Kees and Marie
Marie had planned a trip to Europe with her girlfriend. They were both Greek and they initially went to her girlfriend’s families’ home in Greece. They travelled to Holland and she stayed at family friends where she met Kees. He was in a band with one of the brothers from the family where she was staying. Marie had met a fellow at a dance and he wanted to take her out on a date and the family was very protective and said, “No, no, we’ll have a party and you can socialize there.”
Marie was sitting beside this guy she had met at the dance and Kees sat down on the other side of him. Kees and Marie just leaned in and spoke around him. He was no competition.
They didn’t know how each other felt. Marie left Holland with her girlfriend and carried on with her trip around Europe. They got to Italy and decided to split up for a couple of weeks and then reconnect in Greece and fly home together. Her girlfriend went back to Greece to be with her family and Marie went back to Holland for a couple of weeks.
Marie was in a car with some of the brothers from the family where she was staying and they asked her if she wanted to come to the band rehearsal and she said, “ Sure, I’ll come.” They picked up Kees and he opened the door, carrying a bag of chips, looked at Marie and went, “It’s you,” with a big smile on his face. Kees thought he had lost her. The night before Marie was leaving to go back to Greece and fly home, they were spending time together and Kees was flipping through a magazine and reading his star sign. He interpreted his horoscope to mean, “If you don’t say something now, it will never happen.” He put down the magazine and said “I kind of really like you” and Marie said the same thing. They went for a walk and had their first kiss. Before she left, Kees said, “I’m coming to Australia for you.” The next day Marie took a train and headed back to Australia.
Marie is of Greek origin and her mother wanted more than anything for her to marry a man with the same religion and ethnic background. She had even tried to arrange some suitors who Marie didn’t like at all. They okayed her trip because she was going with a Greek girl to a Greek family in Greece. They had envisioned a big fat Greek wedding. When she returned her dad asked if she had met anyone—thinking she might have found a nice Greek boy. You can imagine how it was received when Marie said, “Oh yes, I met someone and he’s not Greek.” Her father said, “Don’t tell your Mom—I’ll tell her.”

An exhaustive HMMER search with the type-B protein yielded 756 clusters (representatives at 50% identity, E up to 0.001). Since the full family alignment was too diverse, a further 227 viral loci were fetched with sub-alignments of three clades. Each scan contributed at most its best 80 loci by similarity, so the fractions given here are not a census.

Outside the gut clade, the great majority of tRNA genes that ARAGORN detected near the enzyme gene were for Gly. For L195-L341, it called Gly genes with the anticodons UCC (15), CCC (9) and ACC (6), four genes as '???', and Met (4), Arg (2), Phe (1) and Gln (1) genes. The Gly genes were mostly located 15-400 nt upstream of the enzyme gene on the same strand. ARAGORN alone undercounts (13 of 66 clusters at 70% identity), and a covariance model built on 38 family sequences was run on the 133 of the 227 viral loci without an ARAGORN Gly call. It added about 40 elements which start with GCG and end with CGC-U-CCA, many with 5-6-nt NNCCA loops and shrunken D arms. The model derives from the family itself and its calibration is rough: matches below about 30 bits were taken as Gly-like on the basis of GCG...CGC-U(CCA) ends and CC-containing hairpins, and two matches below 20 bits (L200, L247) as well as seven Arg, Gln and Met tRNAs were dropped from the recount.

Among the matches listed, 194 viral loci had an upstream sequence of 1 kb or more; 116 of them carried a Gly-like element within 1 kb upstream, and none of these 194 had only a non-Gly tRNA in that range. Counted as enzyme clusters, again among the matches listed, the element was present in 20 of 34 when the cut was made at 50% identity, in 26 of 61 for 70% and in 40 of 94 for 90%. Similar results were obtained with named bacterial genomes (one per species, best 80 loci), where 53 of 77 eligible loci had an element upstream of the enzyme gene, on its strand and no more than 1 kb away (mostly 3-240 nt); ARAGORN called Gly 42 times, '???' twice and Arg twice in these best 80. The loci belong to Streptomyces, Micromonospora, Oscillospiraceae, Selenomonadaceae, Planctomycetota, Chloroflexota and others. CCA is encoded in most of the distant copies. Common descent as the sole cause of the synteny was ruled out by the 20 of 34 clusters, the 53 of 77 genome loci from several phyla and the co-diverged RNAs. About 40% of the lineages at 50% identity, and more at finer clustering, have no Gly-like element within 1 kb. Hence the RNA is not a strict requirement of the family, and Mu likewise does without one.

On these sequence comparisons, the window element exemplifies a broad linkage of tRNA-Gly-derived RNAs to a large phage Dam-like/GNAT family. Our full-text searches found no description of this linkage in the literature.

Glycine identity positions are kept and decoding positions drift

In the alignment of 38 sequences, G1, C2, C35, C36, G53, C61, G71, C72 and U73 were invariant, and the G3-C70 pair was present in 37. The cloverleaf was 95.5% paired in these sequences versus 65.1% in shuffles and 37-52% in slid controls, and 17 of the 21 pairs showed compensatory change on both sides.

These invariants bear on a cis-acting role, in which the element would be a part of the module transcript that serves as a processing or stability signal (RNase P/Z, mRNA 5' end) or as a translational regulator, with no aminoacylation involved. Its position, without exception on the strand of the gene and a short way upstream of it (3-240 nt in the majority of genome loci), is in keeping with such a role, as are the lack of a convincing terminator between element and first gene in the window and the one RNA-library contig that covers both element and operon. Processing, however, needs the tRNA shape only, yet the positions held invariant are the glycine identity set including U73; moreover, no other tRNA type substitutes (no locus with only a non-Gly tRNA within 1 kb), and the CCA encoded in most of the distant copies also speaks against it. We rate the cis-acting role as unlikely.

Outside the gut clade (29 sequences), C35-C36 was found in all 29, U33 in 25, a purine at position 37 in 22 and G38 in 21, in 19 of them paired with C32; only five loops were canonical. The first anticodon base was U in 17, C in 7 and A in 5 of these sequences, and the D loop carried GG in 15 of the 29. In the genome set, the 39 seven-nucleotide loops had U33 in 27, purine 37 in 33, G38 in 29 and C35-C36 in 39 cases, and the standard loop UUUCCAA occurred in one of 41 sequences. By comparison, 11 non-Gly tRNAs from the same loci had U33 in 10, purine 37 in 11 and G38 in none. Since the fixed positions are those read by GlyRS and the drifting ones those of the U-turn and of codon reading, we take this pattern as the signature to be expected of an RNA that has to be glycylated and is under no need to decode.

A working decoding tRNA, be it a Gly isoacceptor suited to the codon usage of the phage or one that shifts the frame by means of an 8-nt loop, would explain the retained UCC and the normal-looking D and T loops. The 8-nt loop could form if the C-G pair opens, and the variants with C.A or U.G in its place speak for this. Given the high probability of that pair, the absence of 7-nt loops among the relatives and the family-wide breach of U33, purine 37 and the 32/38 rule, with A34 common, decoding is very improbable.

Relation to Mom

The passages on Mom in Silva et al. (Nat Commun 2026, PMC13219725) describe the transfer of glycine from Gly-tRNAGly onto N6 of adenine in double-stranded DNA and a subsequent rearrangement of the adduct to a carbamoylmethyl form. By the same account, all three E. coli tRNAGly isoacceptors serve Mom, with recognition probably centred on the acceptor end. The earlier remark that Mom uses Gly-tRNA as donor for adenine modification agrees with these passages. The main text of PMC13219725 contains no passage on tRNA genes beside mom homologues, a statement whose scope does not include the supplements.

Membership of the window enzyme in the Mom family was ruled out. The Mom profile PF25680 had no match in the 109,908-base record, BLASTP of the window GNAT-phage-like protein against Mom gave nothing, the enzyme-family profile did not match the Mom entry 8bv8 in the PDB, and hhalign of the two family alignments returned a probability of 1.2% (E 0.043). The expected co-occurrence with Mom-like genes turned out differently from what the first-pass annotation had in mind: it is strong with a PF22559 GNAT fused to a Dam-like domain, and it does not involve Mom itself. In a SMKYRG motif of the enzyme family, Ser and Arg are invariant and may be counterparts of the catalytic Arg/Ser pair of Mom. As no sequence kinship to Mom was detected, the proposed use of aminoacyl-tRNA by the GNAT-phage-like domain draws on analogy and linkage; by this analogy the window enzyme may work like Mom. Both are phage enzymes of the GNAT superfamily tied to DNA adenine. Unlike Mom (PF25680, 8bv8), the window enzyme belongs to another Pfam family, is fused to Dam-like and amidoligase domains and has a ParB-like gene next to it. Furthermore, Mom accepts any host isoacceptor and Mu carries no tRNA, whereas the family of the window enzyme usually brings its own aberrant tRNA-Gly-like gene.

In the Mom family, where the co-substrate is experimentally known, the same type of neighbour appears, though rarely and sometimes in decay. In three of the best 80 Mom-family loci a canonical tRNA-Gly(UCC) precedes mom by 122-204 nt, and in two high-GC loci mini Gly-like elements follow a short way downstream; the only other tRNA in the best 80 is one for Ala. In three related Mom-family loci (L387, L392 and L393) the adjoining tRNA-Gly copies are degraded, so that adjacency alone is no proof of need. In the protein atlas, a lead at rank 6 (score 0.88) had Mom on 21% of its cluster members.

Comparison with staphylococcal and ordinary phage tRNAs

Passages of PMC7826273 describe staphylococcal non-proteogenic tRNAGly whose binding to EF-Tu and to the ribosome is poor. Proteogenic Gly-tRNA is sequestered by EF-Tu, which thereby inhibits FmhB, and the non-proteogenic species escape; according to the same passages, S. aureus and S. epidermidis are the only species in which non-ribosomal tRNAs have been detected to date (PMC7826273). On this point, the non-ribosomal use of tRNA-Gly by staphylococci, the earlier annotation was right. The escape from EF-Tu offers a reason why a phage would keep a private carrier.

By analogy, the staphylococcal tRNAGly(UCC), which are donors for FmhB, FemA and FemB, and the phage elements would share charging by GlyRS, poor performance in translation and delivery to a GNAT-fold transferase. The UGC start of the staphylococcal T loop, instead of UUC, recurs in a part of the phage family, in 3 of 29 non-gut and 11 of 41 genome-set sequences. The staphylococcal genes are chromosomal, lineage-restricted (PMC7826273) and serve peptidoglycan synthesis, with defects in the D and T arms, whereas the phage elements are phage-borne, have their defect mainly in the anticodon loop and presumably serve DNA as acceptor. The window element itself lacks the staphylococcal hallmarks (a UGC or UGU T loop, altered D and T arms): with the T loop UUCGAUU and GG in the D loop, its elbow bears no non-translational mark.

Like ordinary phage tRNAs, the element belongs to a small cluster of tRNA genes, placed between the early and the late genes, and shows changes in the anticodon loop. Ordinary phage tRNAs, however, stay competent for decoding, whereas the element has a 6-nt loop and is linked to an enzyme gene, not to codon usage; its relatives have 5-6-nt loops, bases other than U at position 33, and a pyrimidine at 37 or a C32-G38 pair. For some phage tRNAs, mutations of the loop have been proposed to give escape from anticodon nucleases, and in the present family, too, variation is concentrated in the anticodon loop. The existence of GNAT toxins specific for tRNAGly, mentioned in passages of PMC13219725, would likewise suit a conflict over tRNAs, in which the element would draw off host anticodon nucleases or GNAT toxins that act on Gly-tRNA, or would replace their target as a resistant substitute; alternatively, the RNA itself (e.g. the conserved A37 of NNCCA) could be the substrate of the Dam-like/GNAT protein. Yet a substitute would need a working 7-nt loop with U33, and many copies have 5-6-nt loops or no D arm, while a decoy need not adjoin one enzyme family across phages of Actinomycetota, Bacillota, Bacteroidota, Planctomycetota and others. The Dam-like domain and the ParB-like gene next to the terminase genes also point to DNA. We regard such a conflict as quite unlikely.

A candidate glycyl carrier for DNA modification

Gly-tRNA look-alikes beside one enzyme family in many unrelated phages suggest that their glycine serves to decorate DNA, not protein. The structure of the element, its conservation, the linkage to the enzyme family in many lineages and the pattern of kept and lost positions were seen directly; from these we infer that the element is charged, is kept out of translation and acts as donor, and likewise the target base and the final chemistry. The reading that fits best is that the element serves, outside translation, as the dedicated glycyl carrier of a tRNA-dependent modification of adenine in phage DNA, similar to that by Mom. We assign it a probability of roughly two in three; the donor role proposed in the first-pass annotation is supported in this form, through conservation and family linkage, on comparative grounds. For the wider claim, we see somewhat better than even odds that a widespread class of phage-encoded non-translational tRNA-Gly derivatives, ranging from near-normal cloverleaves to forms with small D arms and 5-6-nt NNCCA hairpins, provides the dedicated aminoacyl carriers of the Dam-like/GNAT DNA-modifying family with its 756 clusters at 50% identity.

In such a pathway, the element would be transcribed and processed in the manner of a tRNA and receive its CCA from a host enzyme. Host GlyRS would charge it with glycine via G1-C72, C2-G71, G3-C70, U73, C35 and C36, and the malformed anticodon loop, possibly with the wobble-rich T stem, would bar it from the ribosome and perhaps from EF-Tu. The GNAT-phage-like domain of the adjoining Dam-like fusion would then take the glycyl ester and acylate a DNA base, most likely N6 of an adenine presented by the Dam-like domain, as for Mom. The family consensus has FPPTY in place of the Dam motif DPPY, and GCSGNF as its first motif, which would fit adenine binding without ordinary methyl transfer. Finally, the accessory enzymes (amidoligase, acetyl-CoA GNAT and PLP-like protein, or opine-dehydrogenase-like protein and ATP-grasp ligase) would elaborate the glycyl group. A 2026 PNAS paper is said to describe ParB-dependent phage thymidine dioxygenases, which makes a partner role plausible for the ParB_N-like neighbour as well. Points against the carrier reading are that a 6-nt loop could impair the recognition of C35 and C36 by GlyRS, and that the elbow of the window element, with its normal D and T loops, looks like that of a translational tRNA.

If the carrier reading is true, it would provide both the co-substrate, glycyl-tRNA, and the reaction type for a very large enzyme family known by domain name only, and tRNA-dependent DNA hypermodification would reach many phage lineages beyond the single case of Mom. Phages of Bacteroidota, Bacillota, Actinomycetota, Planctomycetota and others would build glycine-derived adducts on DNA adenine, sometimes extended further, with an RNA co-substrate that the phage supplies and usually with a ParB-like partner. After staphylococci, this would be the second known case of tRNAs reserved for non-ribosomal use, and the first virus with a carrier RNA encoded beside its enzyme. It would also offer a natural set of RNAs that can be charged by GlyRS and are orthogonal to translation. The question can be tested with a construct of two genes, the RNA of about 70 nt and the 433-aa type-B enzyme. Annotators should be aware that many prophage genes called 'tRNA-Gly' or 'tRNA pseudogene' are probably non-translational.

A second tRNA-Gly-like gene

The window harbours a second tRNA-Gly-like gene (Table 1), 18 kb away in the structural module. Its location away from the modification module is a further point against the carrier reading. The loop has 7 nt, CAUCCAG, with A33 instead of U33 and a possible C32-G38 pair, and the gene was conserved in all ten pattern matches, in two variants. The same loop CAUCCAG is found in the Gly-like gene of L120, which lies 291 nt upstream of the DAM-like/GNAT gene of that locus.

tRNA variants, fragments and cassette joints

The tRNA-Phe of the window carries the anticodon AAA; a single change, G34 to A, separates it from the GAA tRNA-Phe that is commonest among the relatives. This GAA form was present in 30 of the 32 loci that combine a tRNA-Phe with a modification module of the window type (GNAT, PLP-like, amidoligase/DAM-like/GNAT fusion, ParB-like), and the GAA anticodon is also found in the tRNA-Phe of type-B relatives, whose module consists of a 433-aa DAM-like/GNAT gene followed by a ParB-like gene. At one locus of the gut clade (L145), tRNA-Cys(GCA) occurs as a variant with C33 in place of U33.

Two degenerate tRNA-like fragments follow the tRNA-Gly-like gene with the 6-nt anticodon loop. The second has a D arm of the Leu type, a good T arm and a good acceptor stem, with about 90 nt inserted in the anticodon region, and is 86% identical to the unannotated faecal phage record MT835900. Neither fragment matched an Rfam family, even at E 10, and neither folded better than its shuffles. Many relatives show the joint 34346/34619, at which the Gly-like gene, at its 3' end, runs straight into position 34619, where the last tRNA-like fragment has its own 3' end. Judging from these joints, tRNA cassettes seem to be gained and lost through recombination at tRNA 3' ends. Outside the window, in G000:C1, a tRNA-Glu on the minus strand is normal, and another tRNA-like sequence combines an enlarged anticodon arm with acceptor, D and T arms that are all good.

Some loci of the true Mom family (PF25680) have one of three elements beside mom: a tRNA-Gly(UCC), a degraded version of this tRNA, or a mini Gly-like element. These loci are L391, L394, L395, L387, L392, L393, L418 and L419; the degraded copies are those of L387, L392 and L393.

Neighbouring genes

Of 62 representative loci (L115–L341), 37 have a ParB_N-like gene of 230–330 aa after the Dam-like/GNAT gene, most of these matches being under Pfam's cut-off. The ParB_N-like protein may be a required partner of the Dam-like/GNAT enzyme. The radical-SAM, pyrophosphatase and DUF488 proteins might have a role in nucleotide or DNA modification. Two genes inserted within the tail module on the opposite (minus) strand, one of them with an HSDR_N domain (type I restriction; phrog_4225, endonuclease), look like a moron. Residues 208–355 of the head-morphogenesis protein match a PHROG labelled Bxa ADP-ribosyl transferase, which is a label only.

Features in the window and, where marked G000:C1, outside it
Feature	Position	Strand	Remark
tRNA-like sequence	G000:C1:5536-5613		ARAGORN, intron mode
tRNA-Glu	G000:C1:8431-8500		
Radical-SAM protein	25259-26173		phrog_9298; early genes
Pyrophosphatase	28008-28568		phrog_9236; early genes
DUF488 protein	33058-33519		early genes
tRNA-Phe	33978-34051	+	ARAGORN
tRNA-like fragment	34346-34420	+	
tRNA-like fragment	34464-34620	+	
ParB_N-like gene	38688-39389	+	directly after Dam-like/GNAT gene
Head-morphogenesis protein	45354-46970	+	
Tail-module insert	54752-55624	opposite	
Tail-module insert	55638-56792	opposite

Kees knew immediately. Kees had had a fair bit of experience with girls which is why he was so confident that Marie was who he needed.
Marie liked Kees right from the beginning. She was quite naïve and had very little experience with men. She didn’t think of herself as attractive so she was a bit concerned to throw herself into something and possibly get hurt. After about a month of Kees being in Australia, Marie knew he was the one. Kees gave up so much for her. What sealed it was when she went to him and said she didn’t think she could leave Australia and that’s when she knew for sure that he was totally committed to her. The prospect of not being together was not something he was willing to entertain.
They hadn’t been out together or had time alone together. It just seemed to click—they had so many similarities even physical ones like tiny hands, Marie jokes. It took nine months to get everything in order from the authorities so that Kees could go to Australia. Marie left in January, 1972 and in December of that year Kees arrived.
In the meantime, they were writing each other. Sometimes one or two times a day, sometimes even three. Kees numbered them so you could read them in numerical order. They have kept all these letters and they are numbered and dated—there are stacks of them. Kees proposed to Marie in one of these letters. He wrote a poem and the last line was, Will you be my wife? I’m coming to Australia and my intentions are to marry you. He had to wait a week to get her response!
Marie thought it was all very romantic from the first letter she received and he made little cassette tapes and even sent flowers. My mother would get upset every time another letter would come so their next door neighbour, who was about 70 at the time would race to their mail box before her mother got home and kept all Marie’s letters to the side for her so her mother couldn’t destroy anything.